I’ve been chatting with a friend for months about something we’ve both noticed: there are people who excel at their highly technical profession because of years of training and experience and who would like to be entrepreneurs. We call them practitioners. They often continue to work for others because they don’t understand business. They’re aspiring entrepreneurs, but they don’t have the skillsets necessary to be successful entrepreneurs. They understand a problem and how to provide a solution to it, but they don’t understand how to build a business around that understanding because they haven’t been exposed to business concepts.
The more I’ve thought about this, the more I think these practitioners could be great cofounders. They have deep expertise in their craft and the problem it solves but large gaps around monetizing it. They’re very aware of their gaps and want help filling them, but they don’t usually have entrepreneurs in their network—just other practitioners. An ambitious practitioner paired with a hungry hustler who gets things done and understands business could be a combination with a high probability of succeeding.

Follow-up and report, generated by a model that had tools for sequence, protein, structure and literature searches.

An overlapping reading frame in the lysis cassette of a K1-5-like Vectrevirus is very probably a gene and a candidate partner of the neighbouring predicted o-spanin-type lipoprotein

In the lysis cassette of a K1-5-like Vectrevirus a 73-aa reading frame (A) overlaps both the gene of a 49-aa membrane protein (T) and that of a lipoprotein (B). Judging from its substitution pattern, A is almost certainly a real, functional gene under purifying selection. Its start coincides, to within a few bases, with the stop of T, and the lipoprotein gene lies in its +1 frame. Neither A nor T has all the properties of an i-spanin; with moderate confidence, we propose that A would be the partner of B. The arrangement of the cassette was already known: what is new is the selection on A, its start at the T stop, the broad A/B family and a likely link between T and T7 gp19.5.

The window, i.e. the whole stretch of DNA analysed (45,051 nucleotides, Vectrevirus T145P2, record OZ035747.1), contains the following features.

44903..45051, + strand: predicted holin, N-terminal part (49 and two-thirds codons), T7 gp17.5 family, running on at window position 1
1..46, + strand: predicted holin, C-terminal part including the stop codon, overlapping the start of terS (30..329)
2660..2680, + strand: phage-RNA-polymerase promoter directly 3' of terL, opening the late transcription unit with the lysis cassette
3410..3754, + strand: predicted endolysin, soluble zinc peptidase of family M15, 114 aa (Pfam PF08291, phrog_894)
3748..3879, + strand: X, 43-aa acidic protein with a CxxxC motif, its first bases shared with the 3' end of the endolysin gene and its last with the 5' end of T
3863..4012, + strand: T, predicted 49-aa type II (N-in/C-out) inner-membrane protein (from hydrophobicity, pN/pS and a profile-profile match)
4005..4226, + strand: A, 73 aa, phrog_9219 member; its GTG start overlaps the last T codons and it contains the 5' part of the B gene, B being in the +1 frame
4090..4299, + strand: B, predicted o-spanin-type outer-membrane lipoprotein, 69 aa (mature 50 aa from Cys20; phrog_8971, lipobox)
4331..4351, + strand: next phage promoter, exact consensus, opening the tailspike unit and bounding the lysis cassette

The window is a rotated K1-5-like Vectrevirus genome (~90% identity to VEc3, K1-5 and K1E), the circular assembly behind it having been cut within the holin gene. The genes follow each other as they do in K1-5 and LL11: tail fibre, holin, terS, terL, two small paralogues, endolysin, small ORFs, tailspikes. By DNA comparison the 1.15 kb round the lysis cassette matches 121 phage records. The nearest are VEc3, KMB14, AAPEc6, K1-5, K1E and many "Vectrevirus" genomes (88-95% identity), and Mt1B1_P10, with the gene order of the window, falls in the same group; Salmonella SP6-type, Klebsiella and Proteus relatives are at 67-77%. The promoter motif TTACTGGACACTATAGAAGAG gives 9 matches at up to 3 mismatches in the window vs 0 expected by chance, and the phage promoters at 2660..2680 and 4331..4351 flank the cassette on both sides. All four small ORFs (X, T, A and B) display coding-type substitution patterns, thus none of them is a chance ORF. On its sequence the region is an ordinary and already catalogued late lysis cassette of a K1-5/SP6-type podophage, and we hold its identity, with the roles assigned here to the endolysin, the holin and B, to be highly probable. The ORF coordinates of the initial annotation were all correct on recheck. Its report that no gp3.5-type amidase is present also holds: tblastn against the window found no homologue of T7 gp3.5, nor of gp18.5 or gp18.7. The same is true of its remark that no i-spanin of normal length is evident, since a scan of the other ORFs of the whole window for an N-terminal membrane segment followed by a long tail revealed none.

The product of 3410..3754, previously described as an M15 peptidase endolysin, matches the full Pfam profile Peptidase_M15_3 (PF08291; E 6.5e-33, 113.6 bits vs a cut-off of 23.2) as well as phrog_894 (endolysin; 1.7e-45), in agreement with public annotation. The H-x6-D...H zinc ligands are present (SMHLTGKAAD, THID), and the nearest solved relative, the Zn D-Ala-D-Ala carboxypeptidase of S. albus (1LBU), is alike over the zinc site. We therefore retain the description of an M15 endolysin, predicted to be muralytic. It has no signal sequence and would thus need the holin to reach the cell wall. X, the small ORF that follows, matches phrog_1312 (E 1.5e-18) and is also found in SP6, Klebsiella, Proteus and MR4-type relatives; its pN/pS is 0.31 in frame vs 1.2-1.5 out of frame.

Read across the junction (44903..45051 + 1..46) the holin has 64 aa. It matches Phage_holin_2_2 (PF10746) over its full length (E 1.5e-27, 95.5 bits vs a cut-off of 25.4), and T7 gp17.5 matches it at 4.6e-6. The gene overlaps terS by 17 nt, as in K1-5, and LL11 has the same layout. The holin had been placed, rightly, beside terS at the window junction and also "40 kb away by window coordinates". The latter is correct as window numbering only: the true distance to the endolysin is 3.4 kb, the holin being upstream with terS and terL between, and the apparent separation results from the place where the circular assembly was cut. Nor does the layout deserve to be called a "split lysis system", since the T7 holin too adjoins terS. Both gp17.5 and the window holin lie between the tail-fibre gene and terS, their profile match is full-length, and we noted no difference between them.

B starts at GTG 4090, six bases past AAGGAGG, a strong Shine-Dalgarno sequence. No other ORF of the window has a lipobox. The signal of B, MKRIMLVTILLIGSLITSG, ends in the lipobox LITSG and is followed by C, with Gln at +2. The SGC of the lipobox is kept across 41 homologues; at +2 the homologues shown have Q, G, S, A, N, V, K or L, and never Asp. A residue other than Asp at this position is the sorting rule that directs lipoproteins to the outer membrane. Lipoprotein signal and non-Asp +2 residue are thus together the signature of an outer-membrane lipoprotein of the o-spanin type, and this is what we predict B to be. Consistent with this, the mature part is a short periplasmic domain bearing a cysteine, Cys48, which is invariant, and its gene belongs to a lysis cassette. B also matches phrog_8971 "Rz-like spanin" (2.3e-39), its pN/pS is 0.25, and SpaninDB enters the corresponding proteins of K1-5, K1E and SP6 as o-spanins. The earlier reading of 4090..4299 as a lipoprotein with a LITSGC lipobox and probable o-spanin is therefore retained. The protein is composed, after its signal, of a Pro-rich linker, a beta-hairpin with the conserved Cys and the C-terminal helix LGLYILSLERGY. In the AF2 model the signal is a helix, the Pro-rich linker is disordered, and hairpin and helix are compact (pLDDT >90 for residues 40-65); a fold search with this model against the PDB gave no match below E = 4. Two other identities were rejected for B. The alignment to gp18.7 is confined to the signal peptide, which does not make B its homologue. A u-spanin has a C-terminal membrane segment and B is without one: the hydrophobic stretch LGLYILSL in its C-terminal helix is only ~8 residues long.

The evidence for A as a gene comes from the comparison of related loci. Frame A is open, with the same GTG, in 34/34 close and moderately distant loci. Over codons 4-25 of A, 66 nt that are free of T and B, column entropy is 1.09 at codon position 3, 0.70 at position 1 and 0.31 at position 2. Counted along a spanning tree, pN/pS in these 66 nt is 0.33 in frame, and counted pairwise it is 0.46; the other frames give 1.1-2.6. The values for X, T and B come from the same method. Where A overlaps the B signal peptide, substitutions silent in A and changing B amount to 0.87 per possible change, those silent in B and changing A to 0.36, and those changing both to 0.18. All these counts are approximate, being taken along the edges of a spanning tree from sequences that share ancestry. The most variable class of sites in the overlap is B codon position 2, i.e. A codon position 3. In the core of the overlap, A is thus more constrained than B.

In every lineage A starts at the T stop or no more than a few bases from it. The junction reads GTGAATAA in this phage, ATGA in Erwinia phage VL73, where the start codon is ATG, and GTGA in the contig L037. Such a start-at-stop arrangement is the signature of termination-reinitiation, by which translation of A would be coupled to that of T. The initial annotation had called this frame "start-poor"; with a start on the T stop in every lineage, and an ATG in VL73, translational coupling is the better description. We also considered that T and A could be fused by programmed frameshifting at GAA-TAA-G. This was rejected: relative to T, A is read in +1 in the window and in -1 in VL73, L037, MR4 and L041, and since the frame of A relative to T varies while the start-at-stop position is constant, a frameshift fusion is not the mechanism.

I’m going to think more about this and discuss it in more detail with practitioners who have entrepreneurial aspirations.